With a comprehensive present levels section, the rest of the IEP writes itself since your goals and service time are driven by this information.  You can probe areas of weakness further using criterion referenced tests in the ‘Progress Monitoring’ section of SLP Toolkit.  Criterion referenced tests measure the student’s performance against a fixed set of predetermined criteria.  You will use this information as baseline scores on your IEP goals and then re-test at each grading period using the same measures.  To ensure you are writing measurable goals that unfamiliar readers can understand, the SMART goal drop downs in the ‘Goals’ section of SLP Toolkit makes writing an objective, measurable goal a breeze.  If any of the students needs can be met through accommodations versus goals (or if these are needed in addition to specialized instruction), you can browse a wide variety of options in the ‘Teacher Strategies/Accommodations’ section of SLP Toolkit.

Once your goals are created inside of SLP Toolkit, you can hit the “print” button to access pre-populated data sheets (one less thing to create for this new student!)

Transfer students only cause panic if you don’t know what to do with them.  With SLP Toolkit on your side, you have a step by step guide to ensure you can develop and carry out a comprehensive treatment plan for any new student on your caseload.


Lisa & Sarah, SLP Toolkit

One of the most used tools in my bag of tricks! SLP Toolkit has saved me HOURS of work. Now I can easily assess present levels and give accurate, helpful progress reports. And the goal bank to die for.   I know and trust this awesome resource so much that I’ve teamed up with SLP Toolkit to provide you this code.Use my code BSL16 and you’ll receive:

$19 to apply to either one free month or towards an annual membership. Just click on the pink rectangle to learn more and sign up.  Remember the code is BSL16 for your special discount.




This link is an affiliate link, which means, if you choose to purchase through this link, I’ll earn a commission. This commission comes at no additional cost to you.. Please understand that I have experience with this company and I recommend it because it’s helpful and useful, not because of the small commission I make if you decide to purchase.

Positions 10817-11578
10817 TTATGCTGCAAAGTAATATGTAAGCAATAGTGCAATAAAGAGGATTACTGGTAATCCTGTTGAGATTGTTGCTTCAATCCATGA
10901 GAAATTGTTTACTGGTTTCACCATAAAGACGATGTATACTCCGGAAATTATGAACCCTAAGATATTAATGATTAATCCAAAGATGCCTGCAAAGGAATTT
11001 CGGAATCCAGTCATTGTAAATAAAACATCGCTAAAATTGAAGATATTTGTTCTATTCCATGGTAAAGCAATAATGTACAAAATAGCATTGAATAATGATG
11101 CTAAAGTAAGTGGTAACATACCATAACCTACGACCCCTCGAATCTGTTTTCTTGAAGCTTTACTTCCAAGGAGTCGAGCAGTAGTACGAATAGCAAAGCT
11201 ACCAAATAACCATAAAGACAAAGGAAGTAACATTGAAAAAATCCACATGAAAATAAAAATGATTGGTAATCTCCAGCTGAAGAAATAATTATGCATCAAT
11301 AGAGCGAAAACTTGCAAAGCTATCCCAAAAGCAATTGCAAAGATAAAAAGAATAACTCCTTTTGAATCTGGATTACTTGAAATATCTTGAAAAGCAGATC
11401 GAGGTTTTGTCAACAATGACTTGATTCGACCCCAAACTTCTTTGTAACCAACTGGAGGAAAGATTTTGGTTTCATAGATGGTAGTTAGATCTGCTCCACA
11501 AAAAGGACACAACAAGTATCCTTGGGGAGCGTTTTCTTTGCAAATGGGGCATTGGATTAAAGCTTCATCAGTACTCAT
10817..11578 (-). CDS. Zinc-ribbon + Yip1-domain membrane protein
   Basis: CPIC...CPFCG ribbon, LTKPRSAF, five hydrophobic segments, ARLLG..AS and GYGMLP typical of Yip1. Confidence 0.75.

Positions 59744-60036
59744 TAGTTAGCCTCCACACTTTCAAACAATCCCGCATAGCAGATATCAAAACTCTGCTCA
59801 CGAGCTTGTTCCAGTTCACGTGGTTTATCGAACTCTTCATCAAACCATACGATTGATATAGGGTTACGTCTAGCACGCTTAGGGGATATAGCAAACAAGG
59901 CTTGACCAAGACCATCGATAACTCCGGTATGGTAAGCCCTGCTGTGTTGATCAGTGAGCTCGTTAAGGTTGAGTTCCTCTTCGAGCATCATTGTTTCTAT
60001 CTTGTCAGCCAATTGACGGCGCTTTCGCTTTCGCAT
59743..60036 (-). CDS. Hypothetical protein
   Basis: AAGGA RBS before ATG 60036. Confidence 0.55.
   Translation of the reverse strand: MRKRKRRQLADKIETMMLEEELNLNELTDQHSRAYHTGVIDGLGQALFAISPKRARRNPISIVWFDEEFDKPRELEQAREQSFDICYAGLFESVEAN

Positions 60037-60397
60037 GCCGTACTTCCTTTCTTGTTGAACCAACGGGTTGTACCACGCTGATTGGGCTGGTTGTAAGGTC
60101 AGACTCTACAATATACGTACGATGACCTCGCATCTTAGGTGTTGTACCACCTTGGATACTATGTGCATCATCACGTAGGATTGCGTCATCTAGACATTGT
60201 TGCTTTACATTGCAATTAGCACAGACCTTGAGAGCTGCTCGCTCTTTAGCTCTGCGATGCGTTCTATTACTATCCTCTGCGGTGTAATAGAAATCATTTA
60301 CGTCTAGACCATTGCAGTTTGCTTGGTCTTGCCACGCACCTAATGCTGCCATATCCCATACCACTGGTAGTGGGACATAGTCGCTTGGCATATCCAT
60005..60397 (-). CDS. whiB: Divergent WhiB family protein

SLP Time Hacks: Curing the Medicaid Billing Blues

SLP Time Hacks: Curing the Medicaid Billing Blues



Last Spring at this time, I was REALLY frantically busy. So…I didn’t do my Medicaid billing until May. That’s three months worth; it took me two solid days of desk work, gave me sore neck and had me singing the blues! I would much rather have been spending time with my students. I knew there had to be a better way.

Do you have to do Medicaid billing?

Do you dread doing it and save it till the end of the month? Or even worse save it till the end of two months?

In my district we do Medicaid billing.  So that means in addition to gathering data, we need to submit that information through a third party billing company.  It can be tedious and feel redundant but that’s how the school funds part of our services.

What I’ve done in the past (after my 3 month nightmare) is at the end of the month, panic, gather my notes and data and then spend a full day billing.

A whole day…no! Not gonna happen anymore.

So in January I tried a little experiment.  Instead of saving up my Medicaid billing, I decided to bill immediately after a group when possible. If I have several back-to-back sessions, then bill at the end of the day.

I kept track of the time spent billing, which averages out to about 30 minutes a day. I made sure I scheduled that time for the rest of the month.

I noticed that once I got into the habit of billing daily, it was pretty doable.

I loved myself on that last working day of January.  All I had to do was hit the “confirm all” button.

As a result, I have done this for February and March. Never gonna look back.

There is truth and value in “a stitch in time saves nine” and even in “how do you eat an elephant?” (one bite at a time, okay but I still think that’s gross).